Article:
Why is Edward Cullen so pale? Because there’s no light in the closet. Boom!
Yet, for all those who think the Twilight movies are super gay, you ain’t seen nothin’ until you’ve checked out Vampire Boys (or if you’re really brave, check out Twinklight).
In Charlie Vaughn’s so-shoddy-it’s-actually-pretty-darn-awesome Twilight cash-in, an ages-old bloodsucker seeks to assure his immortality by finding and ‘turning’ his one true love. While his exclusively male, hunky, chiselled-from-granite coven are convinced hot blonde college student Tara is The One, Jasin (Jason Lockhart) can’t ignore his feelings for naïve new boy in town Caleb (Christian Ferrer). With time running out, confused Jasin must decide where his heart truly lies, all while satisfying his unquenchable bloodlust and taking any opportunity to show off his sweet abs…
The DVD cover, featuring four oily superbuff dudes, shirts open, muscles glistening like mom’s Chippendales video, may have you fearing a feature-length gay porn extravaganza. However, this is actually an enjoyably silly, bittersweet slice of DTV hokum. Though, with its diabolical dialogue, zombie-stiff performances, and near-incompetent direction, Vaughn’s homoerotic horror could never be mistaken for a classic, it somehow manages to transition from ordinary ineptitude into some astonishing campy nether zone of entertaining awesomeness.
Vaughn plays things relatively straight, spinning Jasin’s predicament out as one huge aching metaphor for coming out, and though incredibly rough around the edges, this still displays lots of heart. The film positively drips with sexual tension, and though lines are recited as though read directly from the page, leads Lockhart and Ferrer share undeniably potent chemistry. With their reticent half-smiles and sanguine glances, you can practically feel the butterflies in their tummies, helping solidify the film’s status as a mildly satisfying, albeit clunky paean to following your heart.
Shooting in sun-kissed California, Vaughn plays with vampire myths, bending genre rules to suit his story (and budget). With stupendous tans, these ripped undead beefcakes are quick to mention that the whole ‘allergic-to-sunlight’ thing is, handily, a myth. Even better, when triumphantly quiffed Jasin is asked if he has a reflection, he brilliantly responds, ‘You think this hair gets this way on its own?’ These humdingers lift the picture out of purgatory, allowing it to find its own quirky little groove.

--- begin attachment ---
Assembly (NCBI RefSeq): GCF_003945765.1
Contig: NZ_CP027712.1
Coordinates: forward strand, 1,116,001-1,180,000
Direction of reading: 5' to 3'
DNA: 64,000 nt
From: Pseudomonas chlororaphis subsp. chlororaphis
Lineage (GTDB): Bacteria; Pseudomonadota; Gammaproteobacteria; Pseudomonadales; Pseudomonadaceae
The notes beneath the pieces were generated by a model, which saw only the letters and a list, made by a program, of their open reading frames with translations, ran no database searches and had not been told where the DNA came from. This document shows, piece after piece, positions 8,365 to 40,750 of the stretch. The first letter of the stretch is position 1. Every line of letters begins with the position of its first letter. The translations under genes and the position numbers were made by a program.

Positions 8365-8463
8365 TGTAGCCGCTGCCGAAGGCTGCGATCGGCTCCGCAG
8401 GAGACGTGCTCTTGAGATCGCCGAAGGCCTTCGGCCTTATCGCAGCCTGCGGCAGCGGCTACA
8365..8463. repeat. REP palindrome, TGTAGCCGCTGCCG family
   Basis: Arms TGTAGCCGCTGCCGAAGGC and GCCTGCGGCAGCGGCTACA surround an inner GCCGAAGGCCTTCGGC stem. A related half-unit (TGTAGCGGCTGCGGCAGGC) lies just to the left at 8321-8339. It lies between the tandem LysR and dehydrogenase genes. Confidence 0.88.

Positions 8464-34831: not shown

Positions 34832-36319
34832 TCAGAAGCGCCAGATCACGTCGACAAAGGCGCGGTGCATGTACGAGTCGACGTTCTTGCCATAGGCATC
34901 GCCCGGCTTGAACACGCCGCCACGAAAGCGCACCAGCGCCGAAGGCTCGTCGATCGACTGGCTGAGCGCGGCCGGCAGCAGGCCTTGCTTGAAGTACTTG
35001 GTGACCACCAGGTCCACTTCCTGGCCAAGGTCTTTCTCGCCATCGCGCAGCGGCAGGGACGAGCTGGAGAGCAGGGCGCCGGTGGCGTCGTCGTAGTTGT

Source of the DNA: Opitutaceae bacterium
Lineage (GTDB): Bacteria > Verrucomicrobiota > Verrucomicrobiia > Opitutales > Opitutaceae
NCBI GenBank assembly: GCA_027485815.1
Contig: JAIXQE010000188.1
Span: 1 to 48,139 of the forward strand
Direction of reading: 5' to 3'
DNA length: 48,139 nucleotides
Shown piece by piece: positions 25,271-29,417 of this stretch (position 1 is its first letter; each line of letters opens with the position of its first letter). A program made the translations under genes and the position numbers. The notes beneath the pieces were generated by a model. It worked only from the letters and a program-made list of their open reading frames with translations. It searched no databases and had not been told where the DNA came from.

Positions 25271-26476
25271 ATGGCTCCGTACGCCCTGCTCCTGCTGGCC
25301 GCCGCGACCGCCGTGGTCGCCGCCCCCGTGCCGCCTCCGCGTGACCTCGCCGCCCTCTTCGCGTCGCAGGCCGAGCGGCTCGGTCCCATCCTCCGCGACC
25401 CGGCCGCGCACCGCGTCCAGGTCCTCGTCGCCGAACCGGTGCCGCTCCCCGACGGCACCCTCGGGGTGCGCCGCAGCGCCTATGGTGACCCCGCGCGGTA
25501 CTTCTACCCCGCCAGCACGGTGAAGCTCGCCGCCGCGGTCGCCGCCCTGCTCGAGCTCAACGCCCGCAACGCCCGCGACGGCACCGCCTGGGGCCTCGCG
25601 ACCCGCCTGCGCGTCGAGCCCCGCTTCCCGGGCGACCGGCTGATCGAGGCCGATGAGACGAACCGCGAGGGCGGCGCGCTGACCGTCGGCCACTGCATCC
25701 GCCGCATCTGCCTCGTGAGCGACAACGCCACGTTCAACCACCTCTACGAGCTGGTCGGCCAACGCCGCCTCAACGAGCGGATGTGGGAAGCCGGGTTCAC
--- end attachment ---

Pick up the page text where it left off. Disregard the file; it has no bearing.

Because, he’s worth it.
Disappointingly, however, the dialogue rarely scales these giddy heights. Words that may have appeared bitingly austere on the page often sound ridiculous when delivered by these Z-list unkowns. When Jasin drops clangers like ‘I will sacrifice my own palette in order to satiate the unnerving hunger building inside of me,’ it becomes painfully apparent the script itself needs a stake through the heart.
Elsewhere, a sloppily-directed, frighteningly unsexy, spontaneous outdoors threesome seems to have been shoehorned in purely to sneak in some gratuitous penis shots – the horror!!!
Nothing to see here…
Though Ferrer is still a far more engaging protagonist than mopey-faced Kristen Stewart, the revelation that his drippy, two-stone weakling is a ‘high school all-star sports champ,’ is harder to swallow than all the paranormal activity. Though likeable enough, his range doesn’t stretch much further than ‘Oh golly!’, wide-eyed confusion. It’s difficult to see why Lockhart’s pure pantomime, almost-certainly-only-in-this-for-his-looks vamp badass is so smitten. Then again, true love, even vampire love, is blind.
Vampire Boys could have benefitted from a sweeping score to set off all the sexual tension and to perhaps disguise its inadequacies. Instead, what we get is an irritating soundtrack that sounds like it was done on a ten buck 80s Casio keyboard. It’s the sort of bleepy, unaffecting crap that has blighted a thousand straight-to-video cheapies and it’s sad we don’t get to hear more of Adames, whose own bouncy, uber-camp, floor-filler ‘Monster’ plays over the credits.
John Williams is shitting himself
A cool idea does not always a great movie make – sometimes you need to spend some money. Vampire Boys suffers from a distinct lack of action, with its climactic vampire face-off amounting to little more than a puny bit of pushing and shoving. Hilariously, characters hint at awesome set-pieces we never get to see (‘He threw Adam through a tree!’) and what little bloodsucking we do get features the cheapest looking raspberry sauce you’re likely to see.
Still, the vamps do their best to distract you from all this via their sinister allergy to clothes.
You could almost forgive Vampire Boys shortcomings, purely because of its engagingly sweet centre. This is not ‘Gay Porn,’ but a clumsy, silly love story that, viewed through beer-goggles, just about coasts by on kooky charm alone. View without prejudice and these misunderstood creatures might just cast their spell on you. These vamps may not shimmer and sparkle, but they’re out and they’re proud and there ain’t nothin’ wrong with that.
Take a Drink: every time you see a bloodsucker with his top off (things will get messy).
Take a Drink: whenever director Vaughn blatantly disregards vampire ‘rules’ as an excuse to show more dudes with their tops off.
Take a Drink: every time the clunky dialogue makes you giggle.
Do a Shot: whenever you see a penis. Ooh yeah.